Guarnere is a singer, composer and multi-instrumentalist operating in areas between progressive and classic rock. Playing most of the instruments himself, he brings in other players on bass, lead guitar and keyboards as required to get the job done, and in doing so has produced a first rate collection of rock songs with catchy rhythms and melodic hooks. The disc contains six tracks of music (26 minutes - 4 songs and 2 remixes), plus a seventh track that is essentially a 26 minute interview. Obvious influences would include Todd Rundgren, 10cc, Queen and Cheap Trick, operating in that same polished 70's power-prog mode that connects a strong hook and a degree of complexity to the power chords, bombast, and front-and-center vocals that trademarked some of the best radio rock of that decade. The last half of the disc, however, is that lengthy interview that frankly gets a bit boring after the second play through. Why do artists do this? I suppose that one could program it out...At any rate, Guarnere could be comparable to Spock's Beard and other modern proponents of the retro-sound, creating a synthesis of vaguely recognizable styles without doing any direct quotes or rips. And likewise, fans of Spock's Beard should find plenty here of interest. But where's the full length album?

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Review by Scott Mosher 7/27/02
Prog 4 You

Aside from the mundane CD title that is marginally better than using a roman numeral, or a Christmas-related title (?!?), Matthew Guarnere has a lot going for himself on this release. He composed, arranged and performed all the tracks herein (minus some additional musicians on various songs, mentioned below), as well as recorded, mixed and produced the darn thing! I won't mention that he also functions as the art director and designer as well (but, those failings can be discussed another time, of course) and he may have even done his own hair (lol).

First impressions: Good production, nice vocal lines and melodies, an even mix (everything seems to be at just the right volume), tasteful guitar playing, strong song composition. I must commend Matthew on a refined sense of melody and dynamics. There is also a slight theatrical element present amidst some of the songs here, and the drama fits well within the acoustic songs as well as the heavier, vocal-driven pieces. I wouldn't, for the most part, consider this progressive or metal by any stretch of the musical imagination, but as far as the importance of song arranging and composition, Matthew is definitely showcasing himself as a wonderfully talented musician.

I can say this, for sure: the vocal-driven point of origin Matthew is taking is not far removed from Kings-X or the Beatles. I know people like (some even LOVE) comparisons to established musicians to get a better idea of what we are listening too, so this is what I'm hearing shades of: Queen, Saigon Kick, a little Kings-X, the Beatles, perhaps even Night Ranger (after all, Guarnere has something of a Kelly Keagy tone) or Nelson. If this makes your life a little easier, great... it didn't make mine any easier, especially considering I had to type as well as think (no, they are not mutually exclusive).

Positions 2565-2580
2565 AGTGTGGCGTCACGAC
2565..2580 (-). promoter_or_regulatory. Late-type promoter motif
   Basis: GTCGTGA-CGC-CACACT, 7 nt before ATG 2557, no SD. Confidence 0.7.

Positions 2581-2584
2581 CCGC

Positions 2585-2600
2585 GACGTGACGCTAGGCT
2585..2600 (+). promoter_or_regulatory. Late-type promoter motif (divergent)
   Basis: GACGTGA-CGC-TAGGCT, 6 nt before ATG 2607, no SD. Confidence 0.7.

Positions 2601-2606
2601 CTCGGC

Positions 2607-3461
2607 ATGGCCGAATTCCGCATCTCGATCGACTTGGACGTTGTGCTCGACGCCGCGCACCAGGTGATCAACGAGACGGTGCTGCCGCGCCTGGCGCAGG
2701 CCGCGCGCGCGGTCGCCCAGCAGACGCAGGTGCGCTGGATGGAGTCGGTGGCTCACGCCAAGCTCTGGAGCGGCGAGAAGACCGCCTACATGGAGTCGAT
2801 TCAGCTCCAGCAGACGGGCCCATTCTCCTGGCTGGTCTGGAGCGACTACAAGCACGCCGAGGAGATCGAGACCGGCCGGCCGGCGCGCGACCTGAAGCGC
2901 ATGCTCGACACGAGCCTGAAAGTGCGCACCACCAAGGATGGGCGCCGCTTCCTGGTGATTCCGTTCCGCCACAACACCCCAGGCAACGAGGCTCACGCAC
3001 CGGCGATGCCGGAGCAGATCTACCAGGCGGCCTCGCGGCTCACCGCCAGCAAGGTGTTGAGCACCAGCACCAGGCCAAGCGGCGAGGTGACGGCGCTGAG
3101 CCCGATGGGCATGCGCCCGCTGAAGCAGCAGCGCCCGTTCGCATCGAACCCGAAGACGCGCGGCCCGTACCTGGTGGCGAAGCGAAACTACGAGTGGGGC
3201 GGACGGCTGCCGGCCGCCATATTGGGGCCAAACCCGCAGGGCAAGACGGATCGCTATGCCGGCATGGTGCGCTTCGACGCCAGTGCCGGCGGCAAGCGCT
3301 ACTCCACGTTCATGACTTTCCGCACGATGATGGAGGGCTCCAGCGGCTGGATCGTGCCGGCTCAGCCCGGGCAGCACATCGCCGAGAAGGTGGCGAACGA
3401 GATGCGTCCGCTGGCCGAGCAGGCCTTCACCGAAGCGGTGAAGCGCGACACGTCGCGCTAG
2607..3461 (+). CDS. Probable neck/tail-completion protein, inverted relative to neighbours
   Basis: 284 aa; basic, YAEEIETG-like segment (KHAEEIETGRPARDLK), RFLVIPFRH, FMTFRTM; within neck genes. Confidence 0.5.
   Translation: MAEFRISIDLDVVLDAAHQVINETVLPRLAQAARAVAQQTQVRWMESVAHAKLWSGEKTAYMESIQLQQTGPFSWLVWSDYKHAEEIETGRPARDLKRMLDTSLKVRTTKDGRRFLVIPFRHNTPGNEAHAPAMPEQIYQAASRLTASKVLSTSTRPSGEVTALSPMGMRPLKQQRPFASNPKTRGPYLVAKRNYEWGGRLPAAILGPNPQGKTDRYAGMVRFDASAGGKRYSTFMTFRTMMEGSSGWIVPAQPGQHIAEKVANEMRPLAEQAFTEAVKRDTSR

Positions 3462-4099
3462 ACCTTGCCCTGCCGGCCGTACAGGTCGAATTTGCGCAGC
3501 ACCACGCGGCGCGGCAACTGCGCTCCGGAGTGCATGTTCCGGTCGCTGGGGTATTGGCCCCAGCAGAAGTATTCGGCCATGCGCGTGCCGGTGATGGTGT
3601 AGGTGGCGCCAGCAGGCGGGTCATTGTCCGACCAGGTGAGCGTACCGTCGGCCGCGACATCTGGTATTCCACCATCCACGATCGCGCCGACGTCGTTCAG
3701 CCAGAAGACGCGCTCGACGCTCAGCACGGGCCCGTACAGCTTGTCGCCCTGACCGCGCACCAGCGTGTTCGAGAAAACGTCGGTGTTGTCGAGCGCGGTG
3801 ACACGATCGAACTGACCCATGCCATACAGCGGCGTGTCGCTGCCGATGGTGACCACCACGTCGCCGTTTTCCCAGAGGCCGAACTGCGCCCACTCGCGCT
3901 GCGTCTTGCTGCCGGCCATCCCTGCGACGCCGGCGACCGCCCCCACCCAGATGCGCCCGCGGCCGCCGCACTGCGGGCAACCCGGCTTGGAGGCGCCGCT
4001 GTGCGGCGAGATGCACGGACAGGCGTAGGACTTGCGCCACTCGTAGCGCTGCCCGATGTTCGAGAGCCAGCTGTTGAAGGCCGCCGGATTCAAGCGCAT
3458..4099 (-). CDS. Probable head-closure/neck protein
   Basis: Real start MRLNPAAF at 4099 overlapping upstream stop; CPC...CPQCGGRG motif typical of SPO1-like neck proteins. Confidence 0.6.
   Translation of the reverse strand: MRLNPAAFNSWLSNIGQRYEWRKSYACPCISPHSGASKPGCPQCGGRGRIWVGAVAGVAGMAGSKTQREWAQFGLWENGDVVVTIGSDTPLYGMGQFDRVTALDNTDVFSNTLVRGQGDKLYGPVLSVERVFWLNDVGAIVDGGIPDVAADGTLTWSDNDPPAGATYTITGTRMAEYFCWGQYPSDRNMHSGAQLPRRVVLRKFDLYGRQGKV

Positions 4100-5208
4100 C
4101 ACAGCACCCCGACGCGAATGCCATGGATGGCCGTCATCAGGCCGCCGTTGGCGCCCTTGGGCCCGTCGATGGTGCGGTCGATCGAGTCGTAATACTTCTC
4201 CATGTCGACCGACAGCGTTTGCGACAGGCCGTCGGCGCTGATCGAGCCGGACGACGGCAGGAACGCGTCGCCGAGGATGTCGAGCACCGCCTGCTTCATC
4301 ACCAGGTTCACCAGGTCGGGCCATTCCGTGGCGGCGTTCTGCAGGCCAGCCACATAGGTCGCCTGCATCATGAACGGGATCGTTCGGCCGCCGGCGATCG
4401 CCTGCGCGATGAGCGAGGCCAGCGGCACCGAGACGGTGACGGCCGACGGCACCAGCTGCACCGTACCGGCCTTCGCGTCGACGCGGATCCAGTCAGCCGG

Rounding things up, I don't know whether this is an actual full-length CD or an EP. Technically, here are 6 songs but... then there is track 7, which is actually a fairly in-depth and lengthy interview with Matthew giving us some insights into the man, his music and his influences. Good stuff. But I would've actually liked another 4-5 songs instead!

Song highlights: "A Little Chemistry," "You Never Have to Grow Old," "Chemistry Experiment"
Rating: 7/10

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Review by Robbie Evans 8/02
Powerplay Magazine, Issue No. 37

If you have been to the website and checked out my writer's profile, you will know that Queen's A Night At The Opera is my all time favourite album. In my eyes, It captured a time in the seventies when Queen could do no wrong . It was a defining moment in the history of rock for sure. Our next artist, Matthew D. Guarnere is trying to bring back some of that pomp and elegance that was often found in Queen's early works. He has created a real labour of love on this four track EP entitled M.D.G. Besides Queen, another influence would have to be Fee Waybill and the Tubes as is demonstrated on "White Trash Wonder." This is a wonderful combination of Queen ("White Man") and the Tubes with Matthew really sounding very much like Fee Waybill. "A Little Chemistry" is very old school pomp with loads of Queen references. However, for me the standout song is the pure Queen homage of "You Never Have To Grow Old My Dear (Song For Mercury)." This takes me back to the heady days of Queen II, Sheer Heart Attack and Night At The Opera. It really is a wonderful moment with elements of the "Prophet Song" and [lead guitarist Mike Gallagher has] that Brian May guitar sound down to a tee. There's only one way to follow an epic like that and that's with a gentle acoustic workout called "Where's Everybody Gone?" Matthew should be very proud of this EP as it is a work of true beauty and style.

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Review by Kevin Julie 6/28/02
Universal Wheels